| By Sara Satinsky |
The recently released Coming of Age in the Other America by Stefanie DeLuca, Susan Clampet-Lundquist, and Kathryn Edin asks the question: why do some kids in the poorest neighborhoods thrive and meet their potential despite overwhelming odds when others don’t?
As summarized in an excellently in-depth Atlantic article, which I am leaning on until I get my hands on a copy of the book, two separate factors stand out for those who thrive: their neighborhood or having an “identity project”, meaning a strong passion such as music, art, or a dream job. But there are important caveats to underscore. Living in a safer neighborhood or having an identity project can help, but either of these alone is not a 100% guarantee that a person meets his or her potential. According to authors, other factors can simultaneously pull down and overwhelm even promising students – things like the absence of a parent, living in overcrowded homes, or living in blighted neighborhoods. As The Atlantic article powerfully notes, “A journey from poverty to the middle class or beyond is a birthright of many of these kids, their shot at the American dream. But the research indicates they can’t just get there themselves. Like anybody, they need a little help.”
But what can that help look like?
Help comes in different forms and at different levels – but what is central is putting the emphasis on supporting people. For example, it comes at a policy level by society enacting incarceration policies that focus on uniting adolescents and parents rather than separating them. It comes at a resource level by investing in housing and public services for neighborhoods deeply and historically overlooked. And it comes at a personal level by providing individual support. One example of the latter is a promising program profiled in a two-part series in The New York Times. Thread is a Baltimore-based program that brings together teams of volunteers to support at-risk teenagers, through unconditional support 24 hours a day for 10 years, and by providing increased access to community resources.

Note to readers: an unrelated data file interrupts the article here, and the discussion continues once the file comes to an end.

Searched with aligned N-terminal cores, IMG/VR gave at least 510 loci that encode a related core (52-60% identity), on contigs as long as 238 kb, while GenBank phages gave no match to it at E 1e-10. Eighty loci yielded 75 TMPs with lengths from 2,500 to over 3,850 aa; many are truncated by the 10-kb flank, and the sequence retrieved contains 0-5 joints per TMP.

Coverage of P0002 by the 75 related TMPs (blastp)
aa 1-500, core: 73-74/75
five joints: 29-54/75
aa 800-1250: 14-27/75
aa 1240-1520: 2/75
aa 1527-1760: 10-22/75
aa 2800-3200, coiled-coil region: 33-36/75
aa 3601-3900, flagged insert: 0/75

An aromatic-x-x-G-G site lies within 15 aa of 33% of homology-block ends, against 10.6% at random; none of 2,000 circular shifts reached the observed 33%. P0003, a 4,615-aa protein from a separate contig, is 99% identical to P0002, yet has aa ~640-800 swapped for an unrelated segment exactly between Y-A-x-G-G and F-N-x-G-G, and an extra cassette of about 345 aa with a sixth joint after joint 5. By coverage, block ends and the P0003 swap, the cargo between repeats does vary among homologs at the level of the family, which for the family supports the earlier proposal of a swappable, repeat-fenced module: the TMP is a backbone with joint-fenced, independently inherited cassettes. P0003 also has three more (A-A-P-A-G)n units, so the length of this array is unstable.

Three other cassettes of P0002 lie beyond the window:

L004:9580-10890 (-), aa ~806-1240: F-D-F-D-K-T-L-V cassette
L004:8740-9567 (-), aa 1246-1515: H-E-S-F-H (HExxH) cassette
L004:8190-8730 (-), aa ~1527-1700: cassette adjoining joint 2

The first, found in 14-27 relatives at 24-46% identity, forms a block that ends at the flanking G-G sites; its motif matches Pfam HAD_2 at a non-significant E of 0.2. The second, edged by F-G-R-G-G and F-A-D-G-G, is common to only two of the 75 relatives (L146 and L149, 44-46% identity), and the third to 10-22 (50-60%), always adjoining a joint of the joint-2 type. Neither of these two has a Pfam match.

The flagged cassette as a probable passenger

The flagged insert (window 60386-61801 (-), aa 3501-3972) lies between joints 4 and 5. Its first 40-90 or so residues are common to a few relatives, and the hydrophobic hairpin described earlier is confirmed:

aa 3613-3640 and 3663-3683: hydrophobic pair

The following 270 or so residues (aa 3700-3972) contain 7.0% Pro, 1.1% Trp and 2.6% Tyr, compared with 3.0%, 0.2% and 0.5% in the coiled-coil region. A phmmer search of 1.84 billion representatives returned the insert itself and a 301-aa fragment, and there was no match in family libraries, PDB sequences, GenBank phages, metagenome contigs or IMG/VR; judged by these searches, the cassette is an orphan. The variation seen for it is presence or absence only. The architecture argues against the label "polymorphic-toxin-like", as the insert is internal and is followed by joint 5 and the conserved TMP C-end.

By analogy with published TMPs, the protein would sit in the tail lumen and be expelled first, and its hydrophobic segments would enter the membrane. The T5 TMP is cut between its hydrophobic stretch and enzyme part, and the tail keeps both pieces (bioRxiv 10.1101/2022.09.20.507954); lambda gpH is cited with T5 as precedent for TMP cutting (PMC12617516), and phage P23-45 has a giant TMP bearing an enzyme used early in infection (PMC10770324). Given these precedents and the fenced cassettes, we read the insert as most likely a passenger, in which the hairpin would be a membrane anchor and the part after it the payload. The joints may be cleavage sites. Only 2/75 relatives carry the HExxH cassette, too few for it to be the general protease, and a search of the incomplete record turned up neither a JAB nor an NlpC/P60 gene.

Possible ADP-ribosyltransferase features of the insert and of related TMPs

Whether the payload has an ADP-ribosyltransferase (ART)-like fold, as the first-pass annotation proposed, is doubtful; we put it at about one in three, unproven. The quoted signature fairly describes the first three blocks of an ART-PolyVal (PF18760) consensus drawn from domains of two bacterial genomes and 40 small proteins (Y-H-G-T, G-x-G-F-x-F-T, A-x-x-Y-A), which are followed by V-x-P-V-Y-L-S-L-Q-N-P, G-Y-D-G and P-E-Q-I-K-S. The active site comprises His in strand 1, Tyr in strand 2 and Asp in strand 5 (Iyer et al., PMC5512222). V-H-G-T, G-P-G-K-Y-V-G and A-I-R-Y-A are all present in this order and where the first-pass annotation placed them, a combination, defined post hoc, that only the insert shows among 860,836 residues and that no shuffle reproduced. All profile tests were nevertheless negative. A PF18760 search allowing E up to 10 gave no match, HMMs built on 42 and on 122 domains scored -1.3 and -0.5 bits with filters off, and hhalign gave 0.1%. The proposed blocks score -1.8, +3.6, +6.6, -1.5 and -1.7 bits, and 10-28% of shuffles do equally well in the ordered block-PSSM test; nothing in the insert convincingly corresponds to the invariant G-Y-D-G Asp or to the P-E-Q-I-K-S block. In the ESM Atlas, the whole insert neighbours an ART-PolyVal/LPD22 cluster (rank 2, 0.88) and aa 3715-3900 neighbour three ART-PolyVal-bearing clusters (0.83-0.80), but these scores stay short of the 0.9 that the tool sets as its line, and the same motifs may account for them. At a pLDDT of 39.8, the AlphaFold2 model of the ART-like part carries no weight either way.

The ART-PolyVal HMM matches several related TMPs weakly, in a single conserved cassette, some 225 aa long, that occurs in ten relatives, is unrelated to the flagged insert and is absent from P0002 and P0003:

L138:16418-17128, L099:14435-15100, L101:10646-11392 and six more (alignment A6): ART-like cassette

Thread Program Model
But there’s a larger idea also at work here. A colleague of mine wisely suggested, “structural problems need structural solutions.” When we look at structural solutions, focusing separately on schools, family, policing – one of these alone is not enough. It’s too easy to fall through cracks if you focus on only one. This same concept came up at a staff meeting recently. Looking at an article on structural racism by Andrew Grant-Thomas and john a. powell, there is a metaphor borrowed from Iris M. Young who borrowed it from Marilyn Frye. (Still with me?) In talking about racism the article says the following – and I include the full excerpt because it’s important language:
“If we approach the problem of durable racial inequality one ‘bar’ at a time, it is hard to appreciate the fullness of the bird’s entrapment, much less formulate a suitable response to it. Explaining the bird’s inability to take flight requires that we recognize the connectedness of multiple bars, each reinforcing the rigidity of the others. In confronting racism we must similarly account for multiple, intersecting and often mutually reinforcing disadvantages, and develop corresponding response strategies.”
So in thinking about the work you do and the structural challenges you are working to confront, consider: how are you working on dismantling multiple bars on the birdcage, and not just one?